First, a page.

The pipeline for the company going into the fiscal fourth quarter "looks very solid," Chambers said, adding, "if you talk to our field sales people, they feel good about their long-term growth and momentum." We suspect that is true; they probably do say they "feel good" about long-term growth and momentum. But that's simply describing what 95% of a salesperson's job is - feeling good about the future - not economic reality.

The numbers being reported and the actions being taken by companies across a broad spectrum of sectors of the economy point to a different economic reality.

4. Opportunistic SEC Seeking More Money, Naturally

If nothing else, recessions and depressions are good for government. The more severe the economic downturn, the more government is enabled - even encouraged - to expand its role in the economy; a bitter dose of irony for anyone with an economic history book handy. This morning on Bloomberg we ran across what could serve as a template for government agencies looking to capitalize on general economic weakness:


May 7 (Bloomberg) -- The U.S. Securities and Exchange
Commission's inability to avert the collapse of Bear Stearns
Cos. may be traced to funding levels at the agency that haven't
kept pace with the complexity of Wall Street's biggest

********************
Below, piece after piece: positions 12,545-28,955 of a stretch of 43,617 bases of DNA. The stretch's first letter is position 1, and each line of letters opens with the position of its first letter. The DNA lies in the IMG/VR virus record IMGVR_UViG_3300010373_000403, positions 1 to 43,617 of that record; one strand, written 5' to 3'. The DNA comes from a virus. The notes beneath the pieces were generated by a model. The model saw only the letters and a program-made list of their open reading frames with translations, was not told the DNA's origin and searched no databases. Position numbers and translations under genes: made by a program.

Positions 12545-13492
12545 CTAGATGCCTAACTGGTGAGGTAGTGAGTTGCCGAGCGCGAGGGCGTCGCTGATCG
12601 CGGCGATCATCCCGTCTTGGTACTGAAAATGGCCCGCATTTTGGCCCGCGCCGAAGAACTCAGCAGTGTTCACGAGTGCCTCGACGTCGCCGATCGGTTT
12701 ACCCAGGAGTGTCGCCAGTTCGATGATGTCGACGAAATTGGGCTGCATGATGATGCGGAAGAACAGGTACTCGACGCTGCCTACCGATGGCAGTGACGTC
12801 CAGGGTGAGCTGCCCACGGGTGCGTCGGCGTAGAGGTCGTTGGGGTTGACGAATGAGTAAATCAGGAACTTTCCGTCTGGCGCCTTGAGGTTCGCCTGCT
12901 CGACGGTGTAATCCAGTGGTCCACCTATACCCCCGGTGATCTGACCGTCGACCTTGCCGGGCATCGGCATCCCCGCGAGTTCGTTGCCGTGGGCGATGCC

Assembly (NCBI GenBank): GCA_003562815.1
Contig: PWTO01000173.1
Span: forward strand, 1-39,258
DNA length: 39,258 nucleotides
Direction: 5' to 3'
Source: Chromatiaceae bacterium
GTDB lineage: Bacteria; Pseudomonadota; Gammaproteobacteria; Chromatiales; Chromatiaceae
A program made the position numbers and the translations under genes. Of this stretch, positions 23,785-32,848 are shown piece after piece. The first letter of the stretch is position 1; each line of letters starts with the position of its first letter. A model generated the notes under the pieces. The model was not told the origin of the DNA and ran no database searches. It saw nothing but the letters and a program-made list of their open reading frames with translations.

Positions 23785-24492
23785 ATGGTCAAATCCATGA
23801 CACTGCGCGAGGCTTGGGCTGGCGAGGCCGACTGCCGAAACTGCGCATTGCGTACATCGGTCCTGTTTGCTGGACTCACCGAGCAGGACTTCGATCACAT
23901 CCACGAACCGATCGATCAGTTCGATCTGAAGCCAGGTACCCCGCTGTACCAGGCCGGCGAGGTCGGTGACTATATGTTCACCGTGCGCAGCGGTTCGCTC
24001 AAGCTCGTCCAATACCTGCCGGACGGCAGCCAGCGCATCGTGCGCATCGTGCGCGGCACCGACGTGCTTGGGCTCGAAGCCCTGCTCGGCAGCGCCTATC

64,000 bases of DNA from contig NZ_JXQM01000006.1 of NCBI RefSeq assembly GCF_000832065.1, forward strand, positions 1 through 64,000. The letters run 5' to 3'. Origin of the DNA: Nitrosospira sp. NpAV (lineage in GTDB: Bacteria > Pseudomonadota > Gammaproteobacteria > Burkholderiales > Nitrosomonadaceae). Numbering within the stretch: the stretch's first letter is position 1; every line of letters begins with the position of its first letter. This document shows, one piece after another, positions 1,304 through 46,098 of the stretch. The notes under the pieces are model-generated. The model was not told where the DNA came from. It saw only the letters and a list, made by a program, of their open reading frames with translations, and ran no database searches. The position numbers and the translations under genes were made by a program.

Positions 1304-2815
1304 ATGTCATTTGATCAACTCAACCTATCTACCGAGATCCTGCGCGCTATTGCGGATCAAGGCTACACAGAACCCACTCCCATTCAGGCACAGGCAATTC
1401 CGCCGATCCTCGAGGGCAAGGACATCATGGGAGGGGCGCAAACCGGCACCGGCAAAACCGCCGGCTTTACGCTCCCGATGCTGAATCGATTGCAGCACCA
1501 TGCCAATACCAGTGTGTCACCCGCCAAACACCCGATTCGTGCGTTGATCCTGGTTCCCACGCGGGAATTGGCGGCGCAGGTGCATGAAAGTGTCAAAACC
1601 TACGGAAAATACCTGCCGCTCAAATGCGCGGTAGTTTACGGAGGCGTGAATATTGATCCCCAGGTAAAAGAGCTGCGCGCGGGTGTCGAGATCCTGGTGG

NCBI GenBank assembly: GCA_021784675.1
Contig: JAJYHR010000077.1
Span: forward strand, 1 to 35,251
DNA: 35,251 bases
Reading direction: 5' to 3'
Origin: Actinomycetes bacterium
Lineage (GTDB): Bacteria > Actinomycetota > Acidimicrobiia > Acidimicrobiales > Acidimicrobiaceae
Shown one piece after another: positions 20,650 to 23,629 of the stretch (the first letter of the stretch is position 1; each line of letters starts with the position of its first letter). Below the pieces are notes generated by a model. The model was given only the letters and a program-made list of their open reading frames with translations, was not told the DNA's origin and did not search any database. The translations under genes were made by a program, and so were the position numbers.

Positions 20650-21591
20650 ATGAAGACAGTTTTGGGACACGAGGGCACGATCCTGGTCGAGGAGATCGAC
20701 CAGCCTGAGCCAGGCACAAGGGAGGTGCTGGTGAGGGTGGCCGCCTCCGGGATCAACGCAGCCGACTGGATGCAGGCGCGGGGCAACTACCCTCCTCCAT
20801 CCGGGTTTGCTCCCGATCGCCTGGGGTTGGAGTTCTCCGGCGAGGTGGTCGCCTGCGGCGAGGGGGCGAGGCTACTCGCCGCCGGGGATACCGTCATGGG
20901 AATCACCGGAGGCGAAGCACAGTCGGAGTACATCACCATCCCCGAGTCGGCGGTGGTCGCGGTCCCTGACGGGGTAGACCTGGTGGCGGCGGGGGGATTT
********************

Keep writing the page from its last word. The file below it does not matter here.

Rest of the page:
The reality is that no amount of money, no amount of staffing, and certainly no amount of increased regulation from Washington could have averted the collapse of Bear Stearns (BSC) as the article implies; not unless the SEC uses that increased staffing and money to somehow rewire human behavior which, of course, they won't... because they can't.

Still, important to understand is how this relates to the Federal Reserve. The fact that a government agency is presently laying the groundwork for increased staffing and funding ties directly to the actions of the central bank in expanding credit, and ultimately its own role, in the economy.

Like any other bureaucratic institution, the central bank is concerned first and foremost with maintaining and expanding its control and power. Rhetoric from those inside the institution cleverly attaches the expansion of the Federal Reserve's authority to something that sounds very much like it is in our best interest; namely, price stability and economic growth. Who, in their right mind, could be against that? The answer, ironically, is only those who claim their mandate is to ensure it.

5. First Rule of Keeping Your Bank Job During a Credit Crunch: Don't Go By the Nickname "Large Loan"

This morning we ran across an article in the Wall Street Journal about a high-powered commercial real estate lender leaving Wachovia Corp. (WB). According to the Journal, Robert Verrone, known by the nickname "Large Loan," - seriously we're not making that up! - is expected to leave Wachovia within the next week.

The reason for Mr. Verrone's departure couldn't be determined, the Journal said, but noted that a person familiar with the situation described the exit as "a perfectly amicable split."

We'll give that source the benefit of the doubt and play along, perhaps the split is amicable. But, we would say that it's a pretty good bet, as a rule, that anyone working in a bank's lending department during a credit crunch who goes by the nickname "Large Loan" is probably at risk of being out of a job before all is said and done.